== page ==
| June 22, 2017

Better Trains for Shepparton

In my electorate of Murray, Shepparton is our largest regional centre. In fact, it is Victoria's fourth-largest regional centre and is home for nearly 70,000 people. Shepparton is situated only 188 kilometres north of Melbourne, which is roughly a two-hour drive. However, if you want to take the train you are looking at a minimum travel time of 145 minutes, but more often you are looking at nearly four hours. That is just for one of the four weekday services each and every day.

Bendigo is another regional city, and is 150 kilometres away from Melbourne. Bendigo has 20 weekday services. You can get from Melbourne to Bendigo in 92 minutes. The trains that are on the Shepparton line are slower now than they were 20 years ago. The top speed of the fastest service to Shepparton is about 75 kilometres per hour. The state Labor government are still using the same locomotives and carriages they did in 1987. The Labor Party, in their wisdom, have said the Shepparton rail line will receive an additional weekday and two daily coach services from Bendigo to Seymour, halfway towards Bendigo. Whilst they are going to upgrade a crossing route and some new stabling for the trains, this is only going to happen in 2020.

It gets better. The Labor Party in Victoria continue to gloat about fairness and how their rail services are evenly distributed. Ararat is going to get 10 new weekday services from August; Bendigo and Ballarat, already having 20 services and 30 services, are going to get an additional 18 services; and Geelong is going to receive an extra 69 services. And they say that Shepparton is going to get a great boost of four extra buses. How is that fair? It begs the question: what does the Labor Party have against the city of Shepparton?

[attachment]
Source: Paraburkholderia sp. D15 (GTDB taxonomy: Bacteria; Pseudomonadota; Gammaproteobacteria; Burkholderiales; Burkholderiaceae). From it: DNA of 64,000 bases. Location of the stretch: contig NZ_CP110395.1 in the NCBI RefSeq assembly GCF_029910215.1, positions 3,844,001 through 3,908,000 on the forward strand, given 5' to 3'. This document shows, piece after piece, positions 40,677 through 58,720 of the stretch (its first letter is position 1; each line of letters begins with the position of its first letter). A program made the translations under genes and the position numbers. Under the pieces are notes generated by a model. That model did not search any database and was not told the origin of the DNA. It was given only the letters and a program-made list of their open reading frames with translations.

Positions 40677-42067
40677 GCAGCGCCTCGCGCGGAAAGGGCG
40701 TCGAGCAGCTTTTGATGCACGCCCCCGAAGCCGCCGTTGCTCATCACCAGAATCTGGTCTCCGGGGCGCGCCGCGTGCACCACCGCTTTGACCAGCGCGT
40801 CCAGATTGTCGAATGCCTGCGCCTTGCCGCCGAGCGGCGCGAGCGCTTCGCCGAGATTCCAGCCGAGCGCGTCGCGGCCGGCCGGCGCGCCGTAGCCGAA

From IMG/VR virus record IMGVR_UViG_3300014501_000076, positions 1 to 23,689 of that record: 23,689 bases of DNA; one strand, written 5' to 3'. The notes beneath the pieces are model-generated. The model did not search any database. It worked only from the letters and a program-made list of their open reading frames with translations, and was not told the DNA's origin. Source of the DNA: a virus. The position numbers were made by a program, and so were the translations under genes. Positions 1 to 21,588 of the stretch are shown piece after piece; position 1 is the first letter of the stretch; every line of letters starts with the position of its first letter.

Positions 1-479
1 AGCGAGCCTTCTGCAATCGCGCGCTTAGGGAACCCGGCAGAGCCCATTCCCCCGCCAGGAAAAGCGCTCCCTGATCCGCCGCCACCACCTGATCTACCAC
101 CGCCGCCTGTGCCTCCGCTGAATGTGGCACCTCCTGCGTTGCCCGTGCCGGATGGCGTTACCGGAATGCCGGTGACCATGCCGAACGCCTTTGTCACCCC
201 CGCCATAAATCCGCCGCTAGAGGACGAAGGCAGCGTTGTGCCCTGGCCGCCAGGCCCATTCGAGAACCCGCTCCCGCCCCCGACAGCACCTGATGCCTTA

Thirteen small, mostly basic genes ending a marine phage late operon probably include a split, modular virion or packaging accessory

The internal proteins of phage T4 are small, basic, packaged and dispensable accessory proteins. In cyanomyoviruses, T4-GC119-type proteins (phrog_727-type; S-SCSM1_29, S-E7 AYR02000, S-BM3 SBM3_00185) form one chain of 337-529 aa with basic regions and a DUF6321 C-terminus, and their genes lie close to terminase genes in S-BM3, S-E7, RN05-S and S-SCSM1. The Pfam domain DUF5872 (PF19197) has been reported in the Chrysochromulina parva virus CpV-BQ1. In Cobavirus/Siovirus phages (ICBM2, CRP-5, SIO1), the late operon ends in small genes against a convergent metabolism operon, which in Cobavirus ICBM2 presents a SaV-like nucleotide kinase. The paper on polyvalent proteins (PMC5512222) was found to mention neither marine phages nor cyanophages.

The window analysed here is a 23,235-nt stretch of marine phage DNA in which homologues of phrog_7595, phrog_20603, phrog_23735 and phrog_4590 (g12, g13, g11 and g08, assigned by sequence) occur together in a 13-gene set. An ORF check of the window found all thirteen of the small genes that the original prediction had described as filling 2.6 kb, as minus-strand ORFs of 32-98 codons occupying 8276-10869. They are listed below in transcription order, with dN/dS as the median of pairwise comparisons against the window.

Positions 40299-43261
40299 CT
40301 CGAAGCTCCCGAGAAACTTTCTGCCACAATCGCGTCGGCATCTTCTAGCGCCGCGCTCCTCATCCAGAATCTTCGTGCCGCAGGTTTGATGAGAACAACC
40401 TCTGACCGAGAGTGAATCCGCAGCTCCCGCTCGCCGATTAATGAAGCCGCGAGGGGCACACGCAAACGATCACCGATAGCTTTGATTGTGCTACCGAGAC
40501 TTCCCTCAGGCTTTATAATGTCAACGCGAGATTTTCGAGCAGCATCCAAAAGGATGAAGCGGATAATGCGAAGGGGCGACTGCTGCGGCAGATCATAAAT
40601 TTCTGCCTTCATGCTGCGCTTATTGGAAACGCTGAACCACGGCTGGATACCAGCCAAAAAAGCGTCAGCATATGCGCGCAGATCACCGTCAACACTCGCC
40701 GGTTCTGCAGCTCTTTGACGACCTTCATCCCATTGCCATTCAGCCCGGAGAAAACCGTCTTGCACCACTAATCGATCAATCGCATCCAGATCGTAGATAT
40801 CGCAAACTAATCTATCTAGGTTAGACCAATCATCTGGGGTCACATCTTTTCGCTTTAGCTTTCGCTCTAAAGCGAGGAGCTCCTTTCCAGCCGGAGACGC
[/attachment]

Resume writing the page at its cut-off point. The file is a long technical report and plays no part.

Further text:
This is why the federal coalition government is spending $10 million to finally get a proper vision and to undertake a fully comprehensive planning strategy and give this city a vision for what will have to happen for train services and freight train services into the future. We do not need tokenistic efforts from the state Labor Party. We have to work out what the vision is going to be. Is it going to be more VLocity trains? What is it going to be? Maybe we need to think beyond the standard VLocity carriages that we currently yearn for. We know that we deserve at least 10 services of VLocity trains a day. They can travel at up to 140 to 160 kilometres an hour across the landscape out of Melbourne.

We need a clear vision. What is achievable? What is deliverable? What is possible? If the state Labor Party will not invest in the Goulburn Valley then somehow the federal coalition government will have to step into this space. This is the time for action. This is the time when maybe we have to have a vision, both for VLocity trains in the next 10 years and maybe the idea of bullet speed trains that can bring Melbourne to Shepparton in 40 minutes in the future.

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